Understanding the Meaning of Community Property
How do you know your spouse is a good housekeeper? After the divorce, he/she keeps the house! Have you heard of the new divorced Barbie doll? She comes with all of Ken's stuff!
Morbid as they may be, these jokes are all based on a concept called Community Property. For those who don't know, California is a community property state. What does that mean, exactly?
California law defines Community property as any income, asset or debt (yes, even debt!) that is acquired by either spouse during the marriage. And yes, income earned by either spouse during the marriage is also fair game. Separate property is defined as anything acquired by a spouse before the marriage, during the marriage by gift, devise, or bequest, and after the parties separate.
The Significance of Community Property Laws
California law requires that the community estate be divided equally if there is no written agreement requiring a particular division of property. (Please see my article about prenups) This means that the joint debts of the parties are subtracted from the total market value of the community assets, resulting in the net community estate. Unless agreed otherwise, each spouse must receive half of the net community estate.
How the Community Estate is Divided
When I say that each spouse must receive half of the net community estate, I do not mean that the parties must chop their house and cars in half. All that means is that the net value of all the community assets received by each spouse must be the same. This involves a three-prong process which entails 1) determining whether the property is community property or separate property 2) figuring out the fair market value of the property and 3) deciding how to decide the property. Any discussion of community property will naturally bring up a discussion of separate property.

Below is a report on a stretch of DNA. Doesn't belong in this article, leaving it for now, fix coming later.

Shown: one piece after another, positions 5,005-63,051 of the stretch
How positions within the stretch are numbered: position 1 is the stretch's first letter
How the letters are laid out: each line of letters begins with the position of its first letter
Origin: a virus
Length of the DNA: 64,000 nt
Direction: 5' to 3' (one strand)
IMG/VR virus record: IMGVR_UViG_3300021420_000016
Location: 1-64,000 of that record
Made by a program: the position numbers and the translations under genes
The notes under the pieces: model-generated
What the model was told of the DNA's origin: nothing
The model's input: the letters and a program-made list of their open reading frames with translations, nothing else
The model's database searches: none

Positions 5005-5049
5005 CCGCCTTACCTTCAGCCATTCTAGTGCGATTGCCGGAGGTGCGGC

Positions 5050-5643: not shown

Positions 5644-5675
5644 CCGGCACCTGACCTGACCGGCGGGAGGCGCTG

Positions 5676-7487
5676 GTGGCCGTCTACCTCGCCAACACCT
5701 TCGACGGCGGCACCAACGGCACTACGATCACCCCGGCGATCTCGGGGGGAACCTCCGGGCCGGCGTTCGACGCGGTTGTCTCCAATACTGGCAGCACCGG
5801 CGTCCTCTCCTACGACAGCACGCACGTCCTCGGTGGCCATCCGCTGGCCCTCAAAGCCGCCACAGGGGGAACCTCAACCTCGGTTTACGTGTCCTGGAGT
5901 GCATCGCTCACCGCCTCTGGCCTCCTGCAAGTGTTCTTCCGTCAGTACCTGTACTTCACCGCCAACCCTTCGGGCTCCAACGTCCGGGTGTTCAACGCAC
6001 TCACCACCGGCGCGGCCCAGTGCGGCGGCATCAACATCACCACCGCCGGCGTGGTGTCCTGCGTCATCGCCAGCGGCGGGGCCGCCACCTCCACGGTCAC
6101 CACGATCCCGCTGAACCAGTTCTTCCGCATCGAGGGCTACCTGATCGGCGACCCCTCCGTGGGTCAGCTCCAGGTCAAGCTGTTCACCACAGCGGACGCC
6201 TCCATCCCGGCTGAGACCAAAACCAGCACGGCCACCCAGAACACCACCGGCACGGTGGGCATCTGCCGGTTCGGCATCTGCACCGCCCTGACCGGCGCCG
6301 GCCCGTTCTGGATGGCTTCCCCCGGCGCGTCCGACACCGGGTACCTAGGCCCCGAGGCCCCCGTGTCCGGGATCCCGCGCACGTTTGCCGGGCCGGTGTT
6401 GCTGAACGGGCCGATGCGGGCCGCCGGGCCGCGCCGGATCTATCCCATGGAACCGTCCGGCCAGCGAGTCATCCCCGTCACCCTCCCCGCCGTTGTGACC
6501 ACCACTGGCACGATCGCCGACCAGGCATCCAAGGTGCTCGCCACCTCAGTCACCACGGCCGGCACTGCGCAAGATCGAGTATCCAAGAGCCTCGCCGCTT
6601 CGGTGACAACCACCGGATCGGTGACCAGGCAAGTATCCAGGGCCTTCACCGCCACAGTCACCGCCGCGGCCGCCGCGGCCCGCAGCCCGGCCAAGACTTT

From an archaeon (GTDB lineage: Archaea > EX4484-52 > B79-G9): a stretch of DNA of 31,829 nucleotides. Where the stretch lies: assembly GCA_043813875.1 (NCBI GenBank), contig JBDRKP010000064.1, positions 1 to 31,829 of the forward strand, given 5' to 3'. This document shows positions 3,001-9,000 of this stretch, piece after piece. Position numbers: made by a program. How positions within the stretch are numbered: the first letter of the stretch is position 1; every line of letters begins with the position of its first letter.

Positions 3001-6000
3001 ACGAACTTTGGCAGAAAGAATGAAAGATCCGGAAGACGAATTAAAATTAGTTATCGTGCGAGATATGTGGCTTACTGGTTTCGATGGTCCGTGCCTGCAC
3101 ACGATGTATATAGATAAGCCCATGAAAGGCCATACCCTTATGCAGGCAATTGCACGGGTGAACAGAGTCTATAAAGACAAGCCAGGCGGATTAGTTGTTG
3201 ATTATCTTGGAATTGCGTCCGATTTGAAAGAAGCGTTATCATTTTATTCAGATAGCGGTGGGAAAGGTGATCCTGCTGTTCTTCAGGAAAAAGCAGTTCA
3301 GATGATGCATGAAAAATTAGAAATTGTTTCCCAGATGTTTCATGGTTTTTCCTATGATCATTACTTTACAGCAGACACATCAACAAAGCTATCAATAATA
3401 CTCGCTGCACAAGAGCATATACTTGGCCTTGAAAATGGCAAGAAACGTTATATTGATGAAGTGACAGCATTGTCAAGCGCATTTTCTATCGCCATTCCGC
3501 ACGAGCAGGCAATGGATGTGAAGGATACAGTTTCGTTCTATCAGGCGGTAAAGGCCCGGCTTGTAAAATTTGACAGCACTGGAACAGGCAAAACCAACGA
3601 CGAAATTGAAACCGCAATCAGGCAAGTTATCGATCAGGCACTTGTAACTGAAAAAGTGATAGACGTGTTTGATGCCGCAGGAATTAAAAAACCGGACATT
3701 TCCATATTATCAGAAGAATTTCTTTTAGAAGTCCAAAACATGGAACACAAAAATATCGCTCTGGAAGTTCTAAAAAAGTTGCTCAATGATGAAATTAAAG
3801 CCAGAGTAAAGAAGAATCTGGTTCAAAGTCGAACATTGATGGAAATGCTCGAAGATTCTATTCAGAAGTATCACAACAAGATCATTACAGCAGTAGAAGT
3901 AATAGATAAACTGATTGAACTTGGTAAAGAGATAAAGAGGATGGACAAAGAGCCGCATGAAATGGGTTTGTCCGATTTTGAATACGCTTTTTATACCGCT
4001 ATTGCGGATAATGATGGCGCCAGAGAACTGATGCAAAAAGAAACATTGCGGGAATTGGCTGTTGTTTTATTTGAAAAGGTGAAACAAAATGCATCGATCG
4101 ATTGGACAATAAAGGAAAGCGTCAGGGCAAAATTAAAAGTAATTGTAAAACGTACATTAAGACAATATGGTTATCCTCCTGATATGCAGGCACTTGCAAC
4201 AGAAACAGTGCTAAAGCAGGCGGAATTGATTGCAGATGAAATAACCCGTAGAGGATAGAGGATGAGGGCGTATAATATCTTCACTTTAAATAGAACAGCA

What is Separate Property
Separate property is any asset or debt acquired by either spouse before the marriage or during the marriage by gift or inheritance and anything acquired after the parties separate. Separate property remains the sole property of the spouse who acquired it and is not subject to division in court.
If the post-divorce division of property is a concern for you, you should consider reading my article about Pre-nups. You also have the option of getting a post-nuptial agreement, which is an agreement reached during the marriage.
As always, it is imperative that you at least consult with a competent family law attorney if you are going through a divorce that involves significant property division. Doing so will ensure that you do not accidentally jeapordize any of your rights over the community and separate property.
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